This medication stimulates the blood system (bone marrow) to make white blood cells, helping you fight infections. This medication is given to those whose ability to make white blood cells has been reduced. Filgrastim (also known as G-CSF, or granulocyte colony stimulating factor) is a man-made version of a certain natural substance found in the body. It is produced using a certain bacteria.
Read the Patient Information Leaflet provided by your pharmacist before you start using filgrastim and each time you get a refill. If you have any questions regarding the information, consult your doctor or pharmacist.
This medication is given by injection into a vein or under the skin, usually once a day or as directed by your doctor, until the proper blood counts are reached. Dosage is based on your medical condition, weight, and response to therapy. Use the exact amount of drug prescribed by your doctor. Too little drug may not protect you against infections. Too much drug may cause your body to make too many white blood cells.
If you are giving yourself injections at home, make sure you learn how to prepare and inject this medication properly. If you are injecting this drug under the skin, choose a new injection site each time you give yourself a dose. This will help prevent soreness. Never inject filgrastim into skin that is tender, red, bruised, and hard or has scars or stretch marks. Ask your doctor, pharmacist or nurse any questions you may have about how to give yourself filgrastim. Learn how to properly dispose of used syringes, needles, and any unused medication. Never reuse needles or syringes.
Remove the medication from the refrigerator 30 minutes before you inject it to allow it to reach room temperature.
Avoid shaking this medication; doing so may make the drug ineffective.
Before using, check this product visually for particles or discoloration. If either is present, do not use the liquid.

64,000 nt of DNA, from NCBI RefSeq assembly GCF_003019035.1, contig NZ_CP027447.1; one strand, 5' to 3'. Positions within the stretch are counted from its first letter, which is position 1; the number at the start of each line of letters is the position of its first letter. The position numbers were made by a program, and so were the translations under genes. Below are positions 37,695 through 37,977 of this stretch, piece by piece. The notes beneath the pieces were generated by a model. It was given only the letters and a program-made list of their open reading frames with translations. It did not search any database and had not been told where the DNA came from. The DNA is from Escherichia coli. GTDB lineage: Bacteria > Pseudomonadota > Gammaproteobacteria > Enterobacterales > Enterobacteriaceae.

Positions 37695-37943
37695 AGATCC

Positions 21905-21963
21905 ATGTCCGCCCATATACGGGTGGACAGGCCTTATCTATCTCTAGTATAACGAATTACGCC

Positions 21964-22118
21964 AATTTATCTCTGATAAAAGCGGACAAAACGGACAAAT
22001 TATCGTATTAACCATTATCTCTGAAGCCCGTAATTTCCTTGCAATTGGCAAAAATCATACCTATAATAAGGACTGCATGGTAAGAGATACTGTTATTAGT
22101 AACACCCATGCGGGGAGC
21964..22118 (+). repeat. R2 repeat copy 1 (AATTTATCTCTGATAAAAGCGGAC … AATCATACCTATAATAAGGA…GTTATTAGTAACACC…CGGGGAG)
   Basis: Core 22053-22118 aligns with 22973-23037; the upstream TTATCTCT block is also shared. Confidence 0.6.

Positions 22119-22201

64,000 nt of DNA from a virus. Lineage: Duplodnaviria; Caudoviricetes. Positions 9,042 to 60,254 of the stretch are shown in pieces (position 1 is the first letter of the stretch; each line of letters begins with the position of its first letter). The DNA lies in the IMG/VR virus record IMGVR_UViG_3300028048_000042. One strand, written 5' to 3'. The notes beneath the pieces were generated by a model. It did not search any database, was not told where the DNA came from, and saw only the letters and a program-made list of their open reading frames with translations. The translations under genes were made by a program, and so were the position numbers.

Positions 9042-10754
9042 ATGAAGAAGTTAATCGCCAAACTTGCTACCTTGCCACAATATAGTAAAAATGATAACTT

Use this medication regularly in order to get the most benefit from it. To help you remember, use it at the same time each day.
If you are receiving cancer chemotherapy, you should not be given filgrastim at the same time. You should receive filgrastim either before or after the chemotherapy, depending on your blood count results and your doctor's directions.
Aching in the bones and muscles may occur. Taking a non-aspirin pain reliever such as acetaminophen may help with this pain. Ask your doctor or pharmacist for more details. Nosebleeds or injection site reactions such as redness, swelling, itching, lumps or bruising may also occur. If any of these effects persist or worsen, notify your doctor or pharmacist promptly.
Get medical help right away if you have any very serious side effects, including: breathing problems (such as trouble breathing, fast breathing, shortness of breath), unusual decrease in urinating, tiredness, swelling/puffiness of body.
A very serious allergic reaction to this drug is unlikely, but seek immediate medical attention if it occurs. Symptoms of a serious allergic reaction may include: rash, itching/swelling (especially of the face/tongue/throat), severe dizziness, trouble breathing.